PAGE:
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America’s future is in North Dakota. I know that’s a sentence even the state’s tourism board might shy away from, but bear with me.
Protests over the Dakota Access Pipeline and law enforcement’s response was a bit of a Rubin’s vase. Instead of seeing a vase or two profiles, you could follow the developments and see either the seeds of a dystopian future or a much-needed glimmer of hope. Sometimes both.
For months, protesters peacefully demonstrated against the Dakota Access Pipeline in North Dakota, the 1,172 mile underground pipeline slated to run adjacent to Standing Rock Sioux tribal lands. The tribe opposed the planned pipeline and set up a protest camp in early 2016. By November, thousands had gathered at the site to stop the pipeline’s progress.
In response, local law enforcement and a private security firm hired by the pipeline company used all manners of less-than-lethal weapons on the crowd: beanbag rounds, a sound cannon, and even tear gas grenades that are banned elsewhere in the United States. In September, security guards used dogs to contain protesters as bulldozers excavated a sacred burial site. Late last month, deputies fired water cannons at the protesters in freezing temperatures, sending hundreds to the hospital with hypothermia. These weren’t people to be heard, only obstacles to be moved.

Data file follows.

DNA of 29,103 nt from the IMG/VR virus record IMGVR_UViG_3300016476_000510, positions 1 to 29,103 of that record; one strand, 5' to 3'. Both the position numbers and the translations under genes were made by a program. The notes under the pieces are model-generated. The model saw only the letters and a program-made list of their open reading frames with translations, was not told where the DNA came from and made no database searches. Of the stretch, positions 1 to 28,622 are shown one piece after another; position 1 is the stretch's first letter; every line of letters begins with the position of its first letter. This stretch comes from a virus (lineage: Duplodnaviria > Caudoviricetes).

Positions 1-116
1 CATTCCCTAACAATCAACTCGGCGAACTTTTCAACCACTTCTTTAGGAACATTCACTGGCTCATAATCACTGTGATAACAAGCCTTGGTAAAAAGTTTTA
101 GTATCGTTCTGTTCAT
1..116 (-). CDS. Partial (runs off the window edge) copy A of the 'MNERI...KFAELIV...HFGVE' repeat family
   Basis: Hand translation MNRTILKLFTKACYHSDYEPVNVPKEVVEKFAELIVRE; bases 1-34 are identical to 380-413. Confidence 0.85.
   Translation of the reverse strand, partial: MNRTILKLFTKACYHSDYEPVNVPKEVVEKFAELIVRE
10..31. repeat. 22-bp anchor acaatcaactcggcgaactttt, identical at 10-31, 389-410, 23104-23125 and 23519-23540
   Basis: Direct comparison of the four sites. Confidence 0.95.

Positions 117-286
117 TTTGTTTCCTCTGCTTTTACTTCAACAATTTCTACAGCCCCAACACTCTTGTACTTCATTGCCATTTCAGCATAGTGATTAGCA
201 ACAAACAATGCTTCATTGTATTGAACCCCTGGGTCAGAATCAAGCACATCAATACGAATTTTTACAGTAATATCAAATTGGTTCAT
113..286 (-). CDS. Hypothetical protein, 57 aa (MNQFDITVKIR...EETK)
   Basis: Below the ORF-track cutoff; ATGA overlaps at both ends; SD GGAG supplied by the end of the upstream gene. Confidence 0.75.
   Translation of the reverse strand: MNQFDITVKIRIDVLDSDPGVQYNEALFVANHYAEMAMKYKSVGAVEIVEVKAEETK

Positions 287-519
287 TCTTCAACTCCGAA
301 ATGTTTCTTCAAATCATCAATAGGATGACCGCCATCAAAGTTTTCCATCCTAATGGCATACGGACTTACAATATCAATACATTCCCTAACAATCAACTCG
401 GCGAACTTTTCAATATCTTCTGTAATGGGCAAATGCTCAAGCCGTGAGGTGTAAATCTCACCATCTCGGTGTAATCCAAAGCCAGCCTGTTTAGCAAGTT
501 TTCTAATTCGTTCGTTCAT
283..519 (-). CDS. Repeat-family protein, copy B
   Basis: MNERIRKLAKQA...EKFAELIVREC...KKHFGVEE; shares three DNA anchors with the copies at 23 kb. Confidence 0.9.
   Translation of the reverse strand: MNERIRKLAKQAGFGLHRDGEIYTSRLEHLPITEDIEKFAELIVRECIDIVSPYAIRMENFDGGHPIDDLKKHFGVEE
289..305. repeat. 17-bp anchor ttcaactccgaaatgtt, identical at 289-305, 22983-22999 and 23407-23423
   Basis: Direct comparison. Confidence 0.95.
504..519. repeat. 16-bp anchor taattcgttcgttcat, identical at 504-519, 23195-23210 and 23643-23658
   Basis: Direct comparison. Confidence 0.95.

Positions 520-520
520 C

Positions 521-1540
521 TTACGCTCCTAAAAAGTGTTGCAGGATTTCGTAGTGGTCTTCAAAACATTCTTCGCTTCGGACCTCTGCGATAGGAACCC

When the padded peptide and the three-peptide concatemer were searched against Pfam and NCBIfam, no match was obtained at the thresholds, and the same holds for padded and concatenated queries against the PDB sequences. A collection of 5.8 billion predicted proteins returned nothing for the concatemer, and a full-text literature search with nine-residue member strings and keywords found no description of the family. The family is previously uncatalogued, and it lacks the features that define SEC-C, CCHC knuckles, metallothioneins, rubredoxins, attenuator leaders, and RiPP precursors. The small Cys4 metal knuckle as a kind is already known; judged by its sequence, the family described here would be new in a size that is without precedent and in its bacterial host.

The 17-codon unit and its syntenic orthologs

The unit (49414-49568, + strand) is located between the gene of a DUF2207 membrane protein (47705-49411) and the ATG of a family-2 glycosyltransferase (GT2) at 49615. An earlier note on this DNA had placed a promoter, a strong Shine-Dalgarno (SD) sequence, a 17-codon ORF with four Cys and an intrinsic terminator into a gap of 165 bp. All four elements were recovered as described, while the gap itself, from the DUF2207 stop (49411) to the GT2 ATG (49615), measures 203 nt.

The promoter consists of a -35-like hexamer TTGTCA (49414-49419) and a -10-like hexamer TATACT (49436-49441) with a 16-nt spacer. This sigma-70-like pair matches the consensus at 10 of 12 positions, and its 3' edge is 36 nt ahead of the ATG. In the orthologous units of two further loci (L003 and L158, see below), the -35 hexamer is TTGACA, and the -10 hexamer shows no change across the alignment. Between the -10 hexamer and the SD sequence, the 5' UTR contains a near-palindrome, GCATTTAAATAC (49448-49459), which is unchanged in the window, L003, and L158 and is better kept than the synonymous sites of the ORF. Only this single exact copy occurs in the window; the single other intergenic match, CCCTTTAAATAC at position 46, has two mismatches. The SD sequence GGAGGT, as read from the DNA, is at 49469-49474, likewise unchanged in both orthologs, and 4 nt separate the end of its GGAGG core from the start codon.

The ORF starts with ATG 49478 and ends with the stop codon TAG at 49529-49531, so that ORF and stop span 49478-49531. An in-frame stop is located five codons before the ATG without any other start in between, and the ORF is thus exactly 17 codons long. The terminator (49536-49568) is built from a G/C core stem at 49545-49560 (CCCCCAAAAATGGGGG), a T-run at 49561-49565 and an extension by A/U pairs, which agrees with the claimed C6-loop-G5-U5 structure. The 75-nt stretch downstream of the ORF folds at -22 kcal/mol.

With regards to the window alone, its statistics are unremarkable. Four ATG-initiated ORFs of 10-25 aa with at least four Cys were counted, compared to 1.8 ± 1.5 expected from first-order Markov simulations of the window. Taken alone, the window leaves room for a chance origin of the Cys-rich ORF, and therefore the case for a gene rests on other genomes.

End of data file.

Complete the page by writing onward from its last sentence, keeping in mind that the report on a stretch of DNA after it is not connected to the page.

...you could follow the developments and see either the seeds of a dystopian future or a much-needed glimmer of hope. Sometimes both.
Just when it seemed that money might trump humanity, the U.S. Army Corps of Engineers announced on Monday that it will seek alternative routes for the pipeline. Successful for now, the protests nevertheless expose a duality in America that we must face.
In divisive times, the protests showcased a rare unity. The thousands that gathered weren’t all members of the Standing Rock Sioux. Tribe Chairman David Archambault II told NBC News that members from 300 of the 562 federally recognized tribes had joined the protest in a historic show of solidarity. In addition, 2,000 veterans vowed to be human shields for the protesters. “We are there because we are tired of seeing the [protesters] being treated as non-humans,” one former Army sergeant told The New York Times.
This sentiment of common humanity is lacking today. Increasingly, we erect walls around our country, our culture and our political parties. The old “us versus them” construct gives us too much credit. It assumes we think “them” are people when really we treat them as “it,” a nameless, faceless monolith that doesn’t deserve our compassion.
In North Dakota, it’s easy to see our future in both pessimistic and optimistic terms. The treatment of the Standing Rock Sioux and the protesters was just the latest dark example of how easily we can dehumanize our fellow men (and fellow Americans). But it was also the catalyst that allowed thousands of protesters to transcend selfish parochialism and restore this common humanity.
We won’t know which is our future until we see in the next scenario just how quickly we resort to "us versus them" and how bad it gets before we realize our error.
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